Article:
University hosts open forum for second academic plan

University hosts open forum for second academic plan

By Cassidy DeStefano, news editor

Northeastern University hosted an open forum this week to hear suggestions for its second academic plan, which will aim to create a ten-year framework for increased experiential learning and global integration. Working groups from the university will use the feedback to draft the plan for the Board of Trustees to ratify in the fall.

Nathan Felde, chair of art and design in the College of Arts, Media and Design, said the plan succeeds a 2007 agenda that targeted sustainability, security and recruitment of tenure-track faculty. The upcoming project, he said, intends to make the university’s assets accessible across all majors.

“[The sciences] tend to be dominant fields in this particular university,” he said. “But the other thing you could say is that it might take fewer artists to have greater effect. I think the change of context and culture is what shifts how students think about things. And that applies to anyone.”

The two-part meeting, held in the Alumni Center at 716 Columbus Ave., began with four small groups playing the roles of prospective students, current students, alumni and members of the workforce. Each group offered suggestions to better experiential immersion for its target group. Common responses included increasing integrated technologies, culturally-competent mentors and geographic diversity.

Ashley Clerge, a senior political science major, said she feels ethnic variety is lacking.

“I’m a student of color on campus and we all have a very collective experience of feeling not included, so that’s why I wanted to speak up,” she said. “Right now, the university’s programs are only fitting one type of experience the white, upper middle class, able-bodied experience.”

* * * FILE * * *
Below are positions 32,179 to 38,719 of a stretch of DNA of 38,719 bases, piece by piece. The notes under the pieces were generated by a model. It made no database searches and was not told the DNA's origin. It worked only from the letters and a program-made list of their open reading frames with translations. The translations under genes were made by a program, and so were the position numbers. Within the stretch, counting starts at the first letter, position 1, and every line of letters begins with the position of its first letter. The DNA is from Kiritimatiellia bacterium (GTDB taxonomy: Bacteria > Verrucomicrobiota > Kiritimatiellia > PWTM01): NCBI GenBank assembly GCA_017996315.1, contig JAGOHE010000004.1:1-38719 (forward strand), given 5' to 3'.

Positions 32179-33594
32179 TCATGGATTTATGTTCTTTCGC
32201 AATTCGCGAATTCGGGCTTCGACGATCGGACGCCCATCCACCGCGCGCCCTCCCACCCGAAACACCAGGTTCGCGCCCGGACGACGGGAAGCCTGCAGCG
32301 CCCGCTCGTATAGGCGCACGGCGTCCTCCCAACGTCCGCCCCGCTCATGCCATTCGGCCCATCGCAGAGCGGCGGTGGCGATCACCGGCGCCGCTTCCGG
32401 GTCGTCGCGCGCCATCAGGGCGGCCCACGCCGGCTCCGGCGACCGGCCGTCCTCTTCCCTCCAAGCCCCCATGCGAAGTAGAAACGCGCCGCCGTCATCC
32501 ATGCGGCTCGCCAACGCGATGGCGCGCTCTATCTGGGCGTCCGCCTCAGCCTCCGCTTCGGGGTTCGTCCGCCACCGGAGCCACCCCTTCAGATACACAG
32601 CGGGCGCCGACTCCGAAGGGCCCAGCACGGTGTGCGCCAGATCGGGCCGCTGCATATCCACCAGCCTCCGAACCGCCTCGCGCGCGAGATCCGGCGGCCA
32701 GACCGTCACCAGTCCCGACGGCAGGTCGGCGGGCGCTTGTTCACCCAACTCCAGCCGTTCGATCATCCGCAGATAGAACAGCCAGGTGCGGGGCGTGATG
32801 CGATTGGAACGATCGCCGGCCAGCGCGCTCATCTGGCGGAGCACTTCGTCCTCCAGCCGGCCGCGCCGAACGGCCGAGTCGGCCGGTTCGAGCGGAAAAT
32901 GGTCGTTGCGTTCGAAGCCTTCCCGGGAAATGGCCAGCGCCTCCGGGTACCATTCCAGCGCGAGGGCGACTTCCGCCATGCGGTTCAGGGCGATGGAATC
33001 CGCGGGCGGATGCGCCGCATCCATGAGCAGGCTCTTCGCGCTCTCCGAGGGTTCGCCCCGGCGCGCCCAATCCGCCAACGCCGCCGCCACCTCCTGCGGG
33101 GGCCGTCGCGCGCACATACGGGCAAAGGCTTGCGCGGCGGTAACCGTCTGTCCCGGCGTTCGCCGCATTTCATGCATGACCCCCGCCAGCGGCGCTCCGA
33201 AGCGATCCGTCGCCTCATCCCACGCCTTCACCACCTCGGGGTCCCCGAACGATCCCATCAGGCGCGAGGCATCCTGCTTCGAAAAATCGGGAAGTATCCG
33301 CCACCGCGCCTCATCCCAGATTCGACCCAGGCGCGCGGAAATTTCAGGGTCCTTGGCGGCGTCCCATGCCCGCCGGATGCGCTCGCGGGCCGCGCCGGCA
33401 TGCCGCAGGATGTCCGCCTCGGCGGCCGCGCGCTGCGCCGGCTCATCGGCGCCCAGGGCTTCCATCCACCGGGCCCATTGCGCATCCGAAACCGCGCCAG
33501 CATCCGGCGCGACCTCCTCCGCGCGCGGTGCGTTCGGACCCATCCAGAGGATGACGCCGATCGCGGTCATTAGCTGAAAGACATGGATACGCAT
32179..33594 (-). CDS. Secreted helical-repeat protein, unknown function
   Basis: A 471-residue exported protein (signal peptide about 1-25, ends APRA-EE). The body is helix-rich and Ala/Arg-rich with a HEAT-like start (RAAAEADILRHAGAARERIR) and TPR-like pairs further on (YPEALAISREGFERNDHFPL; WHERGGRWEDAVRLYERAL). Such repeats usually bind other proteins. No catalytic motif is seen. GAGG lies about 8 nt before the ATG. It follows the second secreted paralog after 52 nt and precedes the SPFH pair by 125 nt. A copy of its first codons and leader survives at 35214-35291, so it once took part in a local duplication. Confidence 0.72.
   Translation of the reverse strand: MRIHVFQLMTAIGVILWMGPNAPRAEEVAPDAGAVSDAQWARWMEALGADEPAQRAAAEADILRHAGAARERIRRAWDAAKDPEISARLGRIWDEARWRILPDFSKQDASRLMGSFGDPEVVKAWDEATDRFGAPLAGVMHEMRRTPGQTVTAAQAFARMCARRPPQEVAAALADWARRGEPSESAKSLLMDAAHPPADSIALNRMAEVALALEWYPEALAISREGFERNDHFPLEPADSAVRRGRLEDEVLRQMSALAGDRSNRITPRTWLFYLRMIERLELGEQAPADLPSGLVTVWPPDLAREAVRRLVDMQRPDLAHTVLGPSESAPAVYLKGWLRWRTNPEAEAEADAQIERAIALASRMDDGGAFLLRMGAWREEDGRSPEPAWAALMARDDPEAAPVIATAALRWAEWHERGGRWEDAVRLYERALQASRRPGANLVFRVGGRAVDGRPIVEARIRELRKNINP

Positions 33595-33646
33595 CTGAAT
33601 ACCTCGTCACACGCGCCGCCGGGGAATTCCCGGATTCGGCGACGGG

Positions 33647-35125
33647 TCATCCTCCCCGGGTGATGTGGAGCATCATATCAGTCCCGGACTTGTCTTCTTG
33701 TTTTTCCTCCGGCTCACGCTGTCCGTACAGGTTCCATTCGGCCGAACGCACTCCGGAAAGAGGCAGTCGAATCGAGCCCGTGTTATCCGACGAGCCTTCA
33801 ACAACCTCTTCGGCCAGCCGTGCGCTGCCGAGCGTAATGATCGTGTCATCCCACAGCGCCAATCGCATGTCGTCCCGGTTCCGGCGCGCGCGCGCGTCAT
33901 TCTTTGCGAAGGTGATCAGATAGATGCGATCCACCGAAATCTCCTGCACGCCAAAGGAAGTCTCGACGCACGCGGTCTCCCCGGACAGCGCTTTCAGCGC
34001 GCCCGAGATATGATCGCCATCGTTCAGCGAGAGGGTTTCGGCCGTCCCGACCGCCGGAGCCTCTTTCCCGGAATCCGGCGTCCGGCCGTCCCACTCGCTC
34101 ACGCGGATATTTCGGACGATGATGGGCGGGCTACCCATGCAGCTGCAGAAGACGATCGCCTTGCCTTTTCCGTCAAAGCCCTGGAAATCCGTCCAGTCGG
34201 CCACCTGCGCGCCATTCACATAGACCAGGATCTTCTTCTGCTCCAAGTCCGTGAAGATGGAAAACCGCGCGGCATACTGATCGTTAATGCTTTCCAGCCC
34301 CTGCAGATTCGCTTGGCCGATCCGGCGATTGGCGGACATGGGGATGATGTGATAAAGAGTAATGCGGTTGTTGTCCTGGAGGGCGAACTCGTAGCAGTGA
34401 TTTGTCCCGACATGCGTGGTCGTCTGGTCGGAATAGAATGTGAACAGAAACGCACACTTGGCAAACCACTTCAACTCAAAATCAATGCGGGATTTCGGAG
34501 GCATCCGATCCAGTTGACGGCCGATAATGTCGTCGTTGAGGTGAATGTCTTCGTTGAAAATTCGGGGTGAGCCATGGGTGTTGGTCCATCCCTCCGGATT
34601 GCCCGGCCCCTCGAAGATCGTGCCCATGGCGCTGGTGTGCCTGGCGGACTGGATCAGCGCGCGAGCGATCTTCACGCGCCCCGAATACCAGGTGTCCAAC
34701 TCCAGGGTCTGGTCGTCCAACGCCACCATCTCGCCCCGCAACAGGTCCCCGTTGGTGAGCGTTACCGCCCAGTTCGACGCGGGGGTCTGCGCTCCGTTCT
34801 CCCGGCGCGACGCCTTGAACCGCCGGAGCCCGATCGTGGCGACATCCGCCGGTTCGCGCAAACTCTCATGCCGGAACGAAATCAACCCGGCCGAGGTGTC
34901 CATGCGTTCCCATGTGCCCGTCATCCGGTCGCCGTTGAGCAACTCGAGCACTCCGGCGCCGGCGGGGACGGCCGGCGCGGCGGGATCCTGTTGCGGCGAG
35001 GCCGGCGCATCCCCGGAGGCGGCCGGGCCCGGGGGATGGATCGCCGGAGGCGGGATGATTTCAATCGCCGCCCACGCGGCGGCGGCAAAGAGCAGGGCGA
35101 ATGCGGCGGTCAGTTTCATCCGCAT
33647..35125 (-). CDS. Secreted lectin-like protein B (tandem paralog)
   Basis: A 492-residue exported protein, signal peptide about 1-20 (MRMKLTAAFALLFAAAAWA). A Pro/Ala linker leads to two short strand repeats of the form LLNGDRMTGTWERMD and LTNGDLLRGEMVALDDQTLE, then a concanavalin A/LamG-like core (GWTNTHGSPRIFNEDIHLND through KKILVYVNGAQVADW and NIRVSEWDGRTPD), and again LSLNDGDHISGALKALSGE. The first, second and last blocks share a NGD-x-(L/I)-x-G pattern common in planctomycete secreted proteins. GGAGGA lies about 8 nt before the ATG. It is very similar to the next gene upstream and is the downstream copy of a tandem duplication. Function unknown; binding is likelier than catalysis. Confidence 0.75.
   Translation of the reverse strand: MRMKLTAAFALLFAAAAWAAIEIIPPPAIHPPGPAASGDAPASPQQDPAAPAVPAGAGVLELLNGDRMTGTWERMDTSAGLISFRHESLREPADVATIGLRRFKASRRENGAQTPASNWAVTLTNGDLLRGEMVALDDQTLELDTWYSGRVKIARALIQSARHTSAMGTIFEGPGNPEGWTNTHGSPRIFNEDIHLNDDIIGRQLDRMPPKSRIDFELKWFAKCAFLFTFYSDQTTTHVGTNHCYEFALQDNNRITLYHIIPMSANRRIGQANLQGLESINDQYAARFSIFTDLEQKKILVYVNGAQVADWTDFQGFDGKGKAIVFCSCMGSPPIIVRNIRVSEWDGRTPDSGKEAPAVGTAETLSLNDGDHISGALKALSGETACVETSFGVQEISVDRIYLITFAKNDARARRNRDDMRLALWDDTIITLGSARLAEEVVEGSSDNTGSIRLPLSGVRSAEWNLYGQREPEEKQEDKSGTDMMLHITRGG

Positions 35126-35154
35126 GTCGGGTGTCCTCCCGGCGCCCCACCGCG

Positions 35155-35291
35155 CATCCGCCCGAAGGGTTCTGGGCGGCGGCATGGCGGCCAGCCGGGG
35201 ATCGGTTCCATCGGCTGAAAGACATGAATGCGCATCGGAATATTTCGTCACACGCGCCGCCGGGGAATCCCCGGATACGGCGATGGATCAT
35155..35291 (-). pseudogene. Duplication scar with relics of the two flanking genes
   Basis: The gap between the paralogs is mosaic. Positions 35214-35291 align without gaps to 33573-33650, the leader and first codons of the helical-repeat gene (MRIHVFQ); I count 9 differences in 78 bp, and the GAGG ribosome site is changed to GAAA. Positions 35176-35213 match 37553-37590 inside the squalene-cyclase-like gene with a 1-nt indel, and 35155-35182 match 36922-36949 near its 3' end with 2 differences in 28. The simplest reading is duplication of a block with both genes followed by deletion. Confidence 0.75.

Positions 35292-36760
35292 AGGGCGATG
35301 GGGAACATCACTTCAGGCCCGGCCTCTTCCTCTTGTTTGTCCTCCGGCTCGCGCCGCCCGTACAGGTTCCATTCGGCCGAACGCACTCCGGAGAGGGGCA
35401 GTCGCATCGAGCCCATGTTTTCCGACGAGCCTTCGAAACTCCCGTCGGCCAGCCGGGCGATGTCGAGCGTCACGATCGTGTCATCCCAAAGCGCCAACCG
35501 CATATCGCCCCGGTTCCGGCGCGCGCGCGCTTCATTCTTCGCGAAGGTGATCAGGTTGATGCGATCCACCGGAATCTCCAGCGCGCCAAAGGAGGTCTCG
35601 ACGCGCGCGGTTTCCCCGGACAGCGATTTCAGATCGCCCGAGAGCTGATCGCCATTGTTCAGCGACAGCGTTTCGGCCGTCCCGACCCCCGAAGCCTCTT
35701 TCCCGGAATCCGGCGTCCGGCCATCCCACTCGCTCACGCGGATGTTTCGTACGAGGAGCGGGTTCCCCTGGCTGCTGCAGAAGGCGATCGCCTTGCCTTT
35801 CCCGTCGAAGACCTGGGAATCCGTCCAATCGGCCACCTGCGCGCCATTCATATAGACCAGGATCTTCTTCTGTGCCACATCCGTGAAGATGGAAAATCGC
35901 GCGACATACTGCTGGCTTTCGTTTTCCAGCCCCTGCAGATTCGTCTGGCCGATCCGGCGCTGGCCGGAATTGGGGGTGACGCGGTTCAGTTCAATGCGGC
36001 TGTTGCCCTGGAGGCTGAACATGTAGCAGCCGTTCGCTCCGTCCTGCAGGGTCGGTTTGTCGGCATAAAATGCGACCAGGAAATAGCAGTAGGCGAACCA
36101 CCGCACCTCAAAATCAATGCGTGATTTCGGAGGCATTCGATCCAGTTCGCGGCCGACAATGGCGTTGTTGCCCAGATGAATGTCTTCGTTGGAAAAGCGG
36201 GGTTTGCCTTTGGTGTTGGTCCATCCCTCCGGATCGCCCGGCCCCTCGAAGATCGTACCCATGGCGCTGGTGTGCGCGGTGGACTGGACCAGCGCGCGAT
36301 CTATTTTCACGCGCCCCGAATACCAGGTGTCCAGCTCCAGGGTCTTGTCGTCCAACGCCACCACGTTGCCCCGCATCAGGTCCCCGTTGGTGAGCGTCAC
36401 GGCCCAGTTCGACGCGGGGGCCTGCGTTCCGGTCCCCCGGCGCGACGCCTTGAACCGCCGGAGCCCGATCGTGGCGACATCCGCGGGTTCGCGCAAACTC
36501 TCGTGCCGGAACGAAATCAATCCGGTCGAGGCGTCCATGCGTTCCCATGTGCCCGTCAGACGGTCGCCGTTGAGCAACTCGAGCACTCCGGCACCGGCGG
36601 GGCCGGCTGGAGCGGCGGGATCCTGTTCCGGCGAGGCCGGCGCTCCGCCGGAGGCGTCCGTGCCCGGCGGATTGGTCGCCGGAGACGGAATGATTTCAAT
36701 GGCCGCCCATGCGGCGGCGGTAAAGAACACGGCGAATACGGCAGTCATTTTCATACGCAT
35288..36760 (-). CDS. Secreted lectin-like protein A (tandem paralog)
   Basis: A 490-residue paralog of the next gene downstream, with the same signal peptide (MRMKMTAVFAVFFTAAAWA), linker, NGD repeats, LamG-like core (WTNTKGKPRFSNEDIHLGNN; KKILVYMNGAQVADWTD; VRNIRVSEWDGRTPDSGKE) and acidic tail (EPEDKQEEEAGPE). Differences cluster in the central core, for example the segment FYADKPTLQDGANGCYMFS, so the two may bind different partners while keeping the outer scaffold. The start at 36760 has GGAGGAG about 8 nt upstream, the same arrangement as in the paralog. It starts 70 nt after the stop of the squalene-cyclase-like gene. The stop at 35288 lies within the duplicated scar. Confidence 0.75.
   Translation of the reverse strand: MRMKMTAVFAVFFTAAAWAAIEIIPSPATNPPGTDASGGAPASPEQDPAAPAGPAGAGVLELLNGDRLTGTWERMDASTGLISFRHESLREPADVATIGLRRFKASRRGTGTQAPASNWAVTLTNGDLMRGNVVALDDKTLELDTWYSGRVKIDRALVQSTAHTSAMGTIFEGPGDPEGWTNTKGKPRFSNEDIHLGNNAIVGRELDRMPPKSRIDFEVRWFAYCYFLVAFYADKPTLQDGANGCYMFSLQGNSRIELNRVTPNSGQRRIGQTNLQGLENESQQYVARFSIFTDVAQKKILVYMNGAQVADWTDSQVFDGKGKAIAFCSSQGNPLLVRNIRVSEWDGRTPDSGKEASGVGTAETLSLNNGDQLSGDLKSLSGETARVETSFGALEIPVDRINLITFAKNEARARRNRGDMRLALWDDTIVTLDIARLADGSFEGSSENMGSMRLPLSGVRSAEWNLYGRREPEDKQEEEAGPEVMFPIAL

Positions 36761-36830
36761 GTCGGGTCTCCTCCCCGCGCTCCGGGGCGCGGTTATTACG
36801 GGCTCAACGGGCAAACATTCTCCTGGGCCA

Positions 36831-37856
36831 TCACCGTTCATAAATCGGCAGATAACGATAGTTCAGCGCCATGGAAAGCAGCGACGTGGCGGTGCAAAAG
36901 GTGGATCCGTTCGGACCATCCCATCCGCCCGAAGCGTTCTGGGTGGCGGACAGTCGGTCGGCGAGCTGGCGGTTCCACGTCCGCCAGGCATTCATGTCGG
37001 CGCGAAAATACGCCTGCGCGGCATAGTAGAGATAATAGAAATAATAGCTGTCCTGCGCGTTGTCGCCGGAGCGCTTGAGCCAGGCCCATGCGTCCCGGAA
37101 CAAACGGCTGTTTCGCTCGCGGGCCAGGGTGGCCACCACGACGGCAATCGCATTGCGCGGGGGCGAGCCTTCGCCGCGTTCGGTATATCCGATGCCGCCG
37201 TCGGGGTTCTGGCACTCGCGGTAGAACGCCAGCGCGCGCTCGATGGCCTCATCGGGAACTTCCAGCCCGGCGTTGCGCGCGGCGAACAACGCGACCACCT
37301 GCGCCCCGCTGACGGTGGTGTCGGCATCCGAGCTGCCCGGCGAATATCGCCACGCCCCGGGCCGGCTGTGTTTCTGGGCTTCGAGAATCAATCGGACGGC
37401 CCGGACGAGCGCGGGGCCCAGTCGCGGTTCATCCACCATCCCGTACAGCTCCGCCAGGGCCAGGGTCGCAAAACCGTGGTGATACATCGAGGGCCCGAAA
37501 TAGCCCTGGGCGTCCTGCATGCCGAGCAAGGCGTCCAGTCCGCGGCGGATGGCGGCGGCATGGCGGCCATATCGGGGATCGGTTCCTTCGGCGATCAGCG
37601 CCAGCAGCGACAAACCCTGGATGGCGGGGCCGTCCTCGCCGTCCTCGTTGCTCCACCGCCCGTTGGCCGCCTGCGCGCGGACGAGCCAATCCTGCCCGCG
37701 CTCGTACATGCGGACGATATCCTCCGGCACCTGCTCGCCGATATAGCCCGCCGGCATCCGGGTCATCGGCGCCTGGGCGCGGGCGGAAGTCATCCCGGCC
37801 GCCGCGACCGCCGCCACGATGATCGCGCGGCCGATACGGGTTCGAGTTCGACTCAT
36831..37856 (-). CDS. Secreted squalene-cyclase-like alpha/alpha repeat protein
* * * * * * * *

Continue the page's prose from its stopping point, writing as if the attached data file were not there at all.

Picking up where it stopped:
To amend this, Clerge and other attendees proposed offering preparation classes to brief students who are travelling abroad on the demographics and customs of their destination.

“My experiences abroad have shown me that a lot of students travel who are not culturally aware, so we should also work to combat that,” she said.

The remaining half of the meeting focused on maximizing Northeastern’s global resources by applying them to students of all disciplines and socioeconomic backgrounds.

Bioengineering Ph.D. student Michelle Stolzoff said she feels Northeastern’s current agenda disproportionately benefits undergraduates.

“It’s a little bit harder to find the funding for a Ph.D. student to go abroad and study at an international research lab even if it would be applicable for them to do so,” she said.

Stolzoff added that when Ph.D. students do travel, it is often alongside their adviser on sabbatical, a paid leave granted to professors for study or travel.

“There are also a lot of government-funded programs that do allow people to go, but that highlights a general lack of communication,” she said. “There was lot of ideological language being thrown around at this meeting, but I hope the working groups decide to implement practical steps to the program that actually point us in the right direction.”

Photo by Sydne Mass

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